What It Is

A thing is what it is.

[If you believe every thing in the universe—air current, dust mote, life, death, slow cooker, apple tree—is in its singular place for a reason: stop here and write.]

A tree exists. How it came to be planted–by man, squirrel or gravity–is irrelevant. Anything about it that doesn’t present to the senses right now, is irrelevant. It has no past or future. History is human, is in the human mind, it isn’t HERE. The layers of meaning that charge a rose don’t belong to the rose—they are human. The thing is the thing.

Emotion. Personal History. Cultural history. Art. Music. Politics. Pain.

None of those belong to the thing. They are ours.

Write about an object. As you do, peel away layers. Symbolism, history, intention, possibility. Try to see both the thing and the “added value.” Your poem might be in the thing itself, it might be in the layers. It might be in the process of peeling away.

 

Choose your own something, or use one of these to give you ideas.

 

Next week’s prompt will be our last for a while. Celebrating National Poetry Month with a little inspiration-gathering.

Testing

Note: If the words don’t slay you today, skip to the images.

Have you ever read as advice to writers:

go back and cut out the adjectives

?

It’s one of those suggestions that has always raised my hackles. I love my descriptives. Well. At a used book store the other day I picked up a chunky paperback, first of a fantasy trilogy by someone I remember from my days of consuming fantasies like so many oatmeal cookies.

Okay. Page One has some superscript and ornament, then the title. Text begins about halfway down the page. I quit reading halfway down Page Two, opened Scrivener to my most recent poems and started looking for words to cut.

In roughly 44 lines, 250-300 words, the adjective/noun sore thumbs poked out so much they hurt. Da, da, da, adjective noun, da da da, adjective noun. As Donald Trump would say: So sad.

I should have guessed from the thickness that there was padding involved. And the uncracked book was wearing its second used book store sticker. Enough ranting.

How about we get some use out of it? Column A modifier, Column B noun (Yeah, I know—not precisely so) Do some mix and match. Create a title and three or four phrases. Take them where you will.

strong arms
slim shoulders
dark-haired, driven man
blazing crest
terrible doubts
tender need
suspended moment
inexpressible joy

1st paragraph, 11 lines
**

small-boned enchantress
threadbare quilts
fretful sleep
muted cry
unglazed croft window
full awareness
irreversible reality
mild sea winds

6 lines
**

muffled boom
stainless sands
ferocious, clawing breath
white-mantled dales

4 lines
**

open glens
scrub oak
rustling flats
frozen marsh
driven bursts
ill-fitted shutters
frosted arc
leaked bit of moonlight
spent tang
cut cedar
frost-damp miasma
moldered thatch
deep breath
runaway pound

11 lines

OR

 

Tell us what you see:

rorschach_blot_02

rorschach_blot_09

 

quickbook

Lose Yourself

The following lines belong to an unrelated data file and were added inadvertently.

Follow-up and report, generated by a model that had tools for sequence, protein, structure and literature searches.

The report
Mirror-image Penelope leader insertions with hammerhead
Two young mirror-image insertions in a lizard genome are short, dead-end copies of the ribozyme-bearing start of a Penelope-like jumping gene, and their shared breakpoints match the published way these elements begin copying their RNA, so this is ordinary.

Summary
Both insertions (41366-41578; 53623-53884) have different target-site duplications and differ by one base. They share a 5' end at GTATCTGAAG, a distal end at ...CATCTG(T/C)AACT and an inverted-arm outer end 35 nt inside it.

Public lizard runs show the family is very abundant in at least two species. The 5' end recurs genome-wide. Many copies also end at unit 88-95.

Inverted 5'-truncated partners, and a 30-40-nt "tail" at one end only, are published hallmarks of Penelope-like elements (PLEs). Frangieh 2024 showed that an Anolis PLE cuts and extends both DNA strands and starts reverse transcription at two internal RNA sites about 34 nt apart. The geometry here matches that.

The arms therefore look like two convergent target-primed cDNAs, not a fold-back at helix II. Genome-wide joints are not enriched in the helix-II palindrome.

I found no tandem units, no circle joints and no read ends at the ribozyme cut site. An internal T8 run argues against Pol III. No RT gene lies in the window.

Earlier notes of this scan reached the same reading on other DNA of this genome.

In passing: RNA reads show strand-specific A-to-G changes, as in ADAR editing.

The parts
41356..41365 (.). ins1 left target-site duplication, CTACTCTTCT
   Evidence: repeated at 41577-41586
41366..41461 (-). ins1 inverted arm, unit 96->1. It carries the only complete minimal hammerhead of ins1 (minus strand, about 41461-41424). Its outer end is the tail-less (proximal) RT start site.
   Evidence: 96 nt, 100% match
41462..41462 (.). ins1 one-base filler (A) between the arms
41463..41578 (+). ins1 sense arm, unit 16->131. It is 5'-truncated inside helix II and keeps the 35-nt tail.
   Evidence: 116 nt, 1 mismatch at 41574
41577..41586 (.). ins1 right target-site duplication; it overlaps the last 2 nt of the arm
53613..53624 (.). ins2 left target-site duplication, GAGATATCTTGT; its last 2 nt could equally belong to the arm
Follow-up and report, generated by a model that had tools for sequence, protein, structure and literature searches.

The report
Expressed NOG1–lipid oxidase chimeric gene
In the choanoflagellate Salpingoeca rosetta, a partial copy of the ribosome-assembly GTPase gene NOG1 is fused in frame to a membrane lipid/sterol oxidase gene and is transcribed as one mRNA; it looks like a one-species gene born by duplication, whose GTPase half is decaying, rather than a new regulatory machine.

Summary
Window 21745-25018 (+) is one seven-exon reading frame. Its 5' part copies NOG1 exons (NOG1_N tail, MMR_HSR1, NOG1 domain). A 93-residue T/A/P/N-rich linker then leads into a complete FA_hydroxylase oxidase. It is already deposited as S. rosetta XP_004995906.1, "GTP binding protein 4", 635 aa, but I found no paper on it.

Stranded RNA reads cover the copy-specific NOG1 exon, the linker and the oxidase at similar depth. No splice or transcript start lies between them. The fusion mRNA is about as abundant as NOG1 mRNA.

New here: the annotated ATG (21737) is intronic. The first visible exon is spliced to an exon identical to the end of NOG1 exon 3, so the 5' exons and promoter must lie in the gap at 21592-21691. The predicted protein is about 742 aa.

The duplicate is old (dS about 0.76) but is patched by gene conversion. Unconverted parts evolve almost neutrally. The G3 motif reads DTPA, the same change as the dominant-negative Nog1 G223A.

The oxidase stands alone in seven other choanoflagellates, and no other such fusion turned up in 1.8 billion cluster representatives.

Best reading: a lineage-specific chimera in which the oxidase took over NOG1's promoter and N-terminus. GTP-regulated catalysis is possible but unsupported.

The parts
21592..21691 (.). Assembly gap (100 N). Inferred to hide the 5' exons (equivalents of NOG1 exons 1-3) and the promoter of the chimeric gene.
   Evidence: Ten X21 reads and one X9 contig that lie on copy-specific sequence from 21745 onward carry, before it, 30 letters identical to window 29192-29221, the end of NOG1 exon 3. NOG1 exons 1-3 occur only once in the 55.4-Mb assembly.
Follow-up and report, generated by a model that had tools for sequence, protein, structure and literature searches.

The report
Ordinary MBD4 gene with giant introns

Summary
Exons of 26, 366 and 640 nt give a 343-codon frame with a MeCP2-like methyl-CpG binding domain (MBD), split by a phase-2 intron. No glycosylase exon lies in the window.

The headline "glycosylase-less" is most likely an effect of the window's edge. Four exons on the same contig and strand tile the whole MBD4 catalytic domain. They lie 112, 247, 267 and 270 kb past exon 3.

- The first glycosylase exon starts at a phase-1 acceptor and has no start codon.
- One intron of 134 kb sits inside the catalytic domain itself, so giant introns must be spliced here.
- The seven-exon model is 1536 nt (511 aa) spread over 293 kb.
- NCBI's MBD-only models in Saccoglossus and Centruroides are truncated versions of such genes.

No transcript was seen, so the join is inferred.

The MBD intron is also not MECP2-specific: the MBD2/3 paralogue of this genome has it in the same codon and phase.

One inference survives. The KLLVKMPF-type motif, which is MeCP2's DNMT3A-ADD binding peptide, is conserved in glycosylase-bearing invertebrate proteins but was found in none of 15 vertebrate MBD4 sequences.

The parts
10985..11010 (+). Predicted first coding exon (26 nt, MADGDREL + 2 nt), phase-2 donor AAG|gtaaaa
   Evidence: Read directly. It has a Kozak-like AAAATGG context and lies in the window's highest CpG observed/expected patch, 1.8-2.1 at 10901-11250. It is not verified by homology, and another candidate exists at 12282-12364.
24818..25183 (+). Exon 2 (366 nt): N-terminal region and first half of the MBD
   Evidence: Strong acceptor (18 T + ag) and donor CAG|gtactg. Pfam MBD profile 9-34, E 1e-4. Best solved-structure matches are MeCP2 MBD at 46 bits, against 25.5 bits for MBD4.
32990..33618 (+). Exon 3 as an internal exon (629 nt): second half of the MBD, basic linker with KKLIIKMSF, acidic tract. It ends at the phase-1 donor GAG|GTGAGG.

Bruegel, Pieter the Elder
Bruegel, Pieter the Elder

Hi-ya

 

Today I want you to lose yourself.

Think about the most interesting thing you did last week. Something active, if it’s no more than going shopping. (hey, it might have been a slow week.)

Write about what you did, saw, etc—but using ONLY the third person plural. As in: “They Went to Walgreens for a Walking Cane”.

Tinker around with it, see how it works. You can start confabulating about halfway through if that appeals to your sense of what should be. If it doesn’t work well with “they,” you might try “you” or “he,” but go for the choice that gives you the more interesting result.

Let yourself go

9

Open the Book

img_0190

Good Morning.
 

I know I said I would buy you an ice cream. How about a trip to the used book store instead? (If you’d rather, though, you can write about disappointment.)

 
Below are some random book titles. Avoiding any that are familiar, pick one or two that appeal to you, jiggle your curiosity, or send you off onto a tangent. Maybe you want to rewrite one of the titles? [for instance: I misread Notebooks of Malte Laurids Brigge as “Notebooks of the Malta Laurids Bridge” and was fascinated.] Change anything that you want—I’ve already removed the initial “The” from several, but you can go much farther.

Okay? Imagine the book(s) in your hands. Covers. Paper. Weight. Smell. Dust?

Decide on one and open it, somewhere in the middle.

Using the title alone as your guide, write the poem you would find there.

_________

Year of the Flood
Ottoman Centuries
Death on the Installment Plan
Notebooks of Malte Laurids Brigge
Monarch of Wit
Naturalist
Shoot the Kids
Metamorphoses
Prisoner of Grace
Life of an Amorous Woman
Language of Vision
Travels with Herodotus

 

bunny-mule

Funny Thing Happened

Oops. I lost track of time.

Promise not to do that again.

Buy you an ice cream cone after I get my allowance.

 

Until then…Mardi Gras.

Play it straight or play it kinky.

Invent your own version of the parade. Maybe even make up your own Krewe. What’s your thing? What do you throw to the crowd?
Or would you prefer to be on the receiving end? Talk about the sidewalk. The sounds, or the smells.

Laissez les bon temps roulez!

 

5inch-q